I was sitting in the green plush chair in her living room next to her in the lavender paisley one. She was gazing intently at the ceiling, where she’d seen an old timey pilot with goggles and a leather cap having a dogfight with a giant eagle over a birthday cake. She was telling me a story about the eagle having stolen the birthday cake from the pilot when she suddenly sat up rigidly, stared straight ahead for a few seconds, and then shook her head and brought her hand to her face.

“Oh, I’m, I’m quite sorry dear,” she said, “I believe I’m in one of my fits.”

Doctors had never quite been able to figure out what caused her “fits,” though they were certain she was not epileptic. Migraines had been considered, but no medication could keep them in check. They weren’t painful, she said, but put her out of sorts. I made sure she would be alright, and I believed her when she said she would. I brought her a glass of water and helped her to her bedroom where I assumed she would lie down and sleep it off.

When I left I locked her apartment door behind me and stepped into the hall. I was halfway to the stairs before I remembered I had left my reading glasses on her coffee table. I hesitated for a moment, wondering if I should just wait and get them later, when I remembered that my semi-annual copy of Popular Engineering would be delivered that evening and I had hoped to read the article on nanobot DNA transference before bed. Convinced I could be quiet enough to not disturb her, I went back to the apartment, creaked the door open as silently as I could, and made my way toward the living room.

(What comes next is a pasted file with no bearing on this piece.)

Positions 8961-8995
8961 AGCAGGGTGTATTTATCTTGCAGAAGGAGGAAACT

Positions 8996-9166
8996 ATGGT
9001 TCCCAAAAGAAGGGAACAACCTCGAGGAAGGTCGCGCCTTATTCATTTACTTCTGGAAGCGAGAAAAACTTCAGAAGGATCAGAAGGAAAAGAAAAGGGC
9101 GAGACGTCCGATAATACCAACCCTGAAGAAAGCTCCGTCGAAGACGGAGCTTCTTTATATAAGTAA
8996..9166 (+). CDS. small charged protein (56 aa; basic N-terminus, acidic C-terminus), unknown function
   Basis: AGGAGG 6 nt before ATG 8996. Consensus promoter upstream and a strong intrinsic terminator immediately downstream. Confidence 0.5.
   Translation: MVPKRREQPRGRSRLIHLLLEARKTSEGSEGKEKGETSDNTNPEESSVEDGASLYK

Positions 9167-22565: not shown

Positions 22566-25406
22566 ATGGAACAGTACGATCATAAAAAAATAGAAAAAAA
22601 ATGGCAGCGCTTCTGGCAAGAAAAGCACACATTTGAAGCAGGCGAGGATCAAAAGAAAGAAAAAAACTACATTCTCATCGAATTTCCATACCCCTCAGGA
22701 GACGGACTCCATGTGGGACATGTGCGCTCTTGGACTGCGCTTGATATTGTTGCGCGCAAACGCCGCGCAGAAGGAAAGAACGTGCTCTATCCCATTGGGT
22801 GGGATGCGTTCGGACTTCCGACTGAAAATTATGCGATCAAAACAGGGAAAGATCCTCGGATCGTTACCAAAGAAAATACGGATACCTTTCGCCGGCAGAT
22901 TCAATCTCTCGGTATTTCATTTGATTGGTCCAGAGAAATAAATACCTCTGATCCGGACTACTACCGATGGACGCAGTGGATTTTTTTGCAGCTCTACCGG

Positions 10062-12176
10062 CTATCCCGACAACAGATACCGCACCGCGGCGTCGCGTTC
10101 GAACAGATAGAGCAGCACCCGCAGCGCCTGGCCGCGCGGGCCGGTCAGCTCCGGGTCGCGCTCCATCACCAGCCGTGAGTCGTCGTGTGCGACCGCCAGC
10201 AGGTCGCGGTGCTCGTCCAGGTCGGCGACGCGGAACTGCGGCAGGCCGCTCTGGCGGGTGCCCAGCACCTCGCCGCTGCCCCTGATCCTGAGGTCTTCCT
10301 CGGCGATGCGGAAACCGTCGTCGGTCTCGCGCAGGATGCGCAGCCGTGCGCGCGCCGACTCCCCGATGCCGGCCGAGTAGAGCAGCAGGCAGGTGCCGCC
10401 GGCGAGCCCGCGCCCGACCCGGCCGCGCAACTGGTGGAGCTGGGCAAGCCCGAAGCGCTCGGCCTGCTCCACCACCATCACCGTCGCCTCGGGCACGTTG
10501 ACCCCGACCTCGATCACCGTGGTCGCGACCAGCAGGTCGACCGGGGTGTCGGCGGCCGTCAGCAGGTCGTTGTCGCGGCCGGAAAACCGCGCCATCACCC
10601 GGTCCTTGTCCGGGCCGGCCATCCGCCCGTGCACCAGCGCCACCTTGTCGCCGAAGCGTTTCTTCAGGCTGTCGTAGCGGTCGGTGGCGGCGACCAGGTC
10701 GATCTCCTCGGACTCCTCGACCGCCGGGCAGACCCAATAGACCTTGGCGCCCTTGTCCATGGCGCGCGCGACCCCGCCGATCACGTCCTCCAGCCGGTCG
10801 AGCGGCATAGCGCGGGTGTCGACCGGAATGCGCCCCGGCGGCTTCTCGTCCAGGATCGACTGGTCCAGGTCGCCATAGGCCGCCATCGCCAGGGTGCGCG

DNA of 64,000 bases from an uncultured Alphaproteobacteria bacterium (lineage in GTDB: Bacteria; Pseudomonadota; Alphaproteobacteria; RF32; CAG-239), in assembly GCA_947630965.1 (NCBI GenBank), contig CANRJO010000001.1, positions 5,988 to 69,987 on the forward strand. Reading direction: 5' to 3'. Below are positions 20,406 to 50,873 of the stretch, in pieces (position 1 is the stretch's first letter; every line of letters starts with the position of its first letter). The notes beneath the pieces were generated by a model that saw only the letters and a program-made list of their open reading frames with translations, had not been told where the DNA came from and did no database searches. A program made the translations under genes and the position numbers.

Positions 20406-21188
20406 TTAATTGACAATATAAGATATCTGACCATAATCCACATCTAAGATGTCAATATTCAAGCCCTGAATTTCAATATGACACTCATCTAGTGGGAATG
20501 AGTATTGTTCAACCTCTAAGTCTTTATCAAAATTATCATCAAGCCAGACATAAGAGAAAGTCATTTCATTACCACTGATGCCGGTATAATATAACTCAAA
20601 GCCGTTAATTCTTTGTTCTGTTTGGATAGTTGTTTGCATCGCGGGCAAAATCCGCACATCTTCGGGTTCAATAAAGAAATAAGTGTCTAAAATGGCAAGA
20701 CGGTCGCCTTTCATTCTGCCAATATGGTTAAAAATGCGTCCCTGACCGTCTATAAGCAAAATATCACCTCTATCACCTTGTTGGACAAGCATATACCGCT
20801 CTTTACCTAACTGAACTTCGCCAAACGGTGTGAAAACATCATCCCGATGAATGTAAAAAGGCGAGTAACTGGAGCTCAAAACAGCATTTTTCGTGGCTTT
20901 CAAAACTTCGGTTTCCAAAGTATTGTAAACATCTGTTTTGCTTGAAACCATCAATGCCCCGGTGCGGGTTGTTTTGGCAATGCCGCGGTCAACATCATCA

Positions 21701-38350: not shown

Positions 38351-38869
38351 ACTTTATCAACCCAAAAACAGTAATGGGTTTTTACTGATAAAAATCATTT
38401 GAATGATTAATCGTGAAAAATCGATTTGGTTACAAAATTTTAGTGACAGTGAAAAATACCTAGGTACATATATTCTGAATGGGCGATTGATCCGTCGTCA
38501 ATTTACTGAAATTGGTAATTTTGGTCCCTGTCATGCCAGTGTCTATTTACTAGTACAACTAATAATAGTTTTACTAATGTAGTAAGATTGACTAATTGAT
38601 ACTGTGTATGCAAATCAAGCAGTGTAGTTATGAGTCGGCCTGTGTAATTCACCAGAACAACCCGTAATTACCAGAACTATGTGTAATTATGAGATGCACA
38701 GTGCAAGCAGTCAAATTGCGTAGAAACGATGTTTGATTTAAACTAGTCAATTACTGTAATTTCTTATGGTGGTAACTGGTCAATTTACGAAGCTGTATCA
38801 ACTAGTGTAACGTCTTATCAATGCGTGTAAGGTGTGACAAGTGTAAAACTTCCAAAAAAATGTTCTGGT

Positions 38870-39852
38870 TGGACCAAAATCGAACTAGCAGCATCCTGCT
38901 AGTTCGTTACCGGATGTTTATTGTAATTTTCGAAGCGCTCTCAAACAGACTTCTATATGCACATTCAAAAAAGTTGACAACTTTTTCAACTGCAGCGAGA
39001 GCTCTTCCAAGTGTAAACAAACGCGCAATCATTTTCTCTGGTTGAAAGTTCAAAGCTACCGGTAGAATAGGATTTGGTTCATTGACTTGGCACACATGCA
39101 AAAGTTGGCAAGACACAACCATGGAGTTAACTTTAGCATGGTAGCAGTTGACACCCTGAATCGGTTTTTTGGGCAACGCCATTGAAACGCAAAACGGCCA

Her bedroom sits at the end of a short hallway off the main hallway that leads to the living areas. In that hallway is also the door to a guest washroom. I was preparing to sneak past when I noticed a quivering glow coming from the wall across from the bathroom door. What’s more, the glow seemed to be coming from underneath the wall, as if there was a crack and something was glowing on the other side.

I became instantly and deeply concerned. Old, shoddy wiring coupled with my grandmother’s inability to remember the last time she lit a fire was a danger that terrified me constantly and I ran down the hallway to see if I could find the source of the light. I opened her bedroom door but she wasn’t in her room, her bed made as if she hadn’t gone in at all. I walked in and called for her, but heard nothing in return.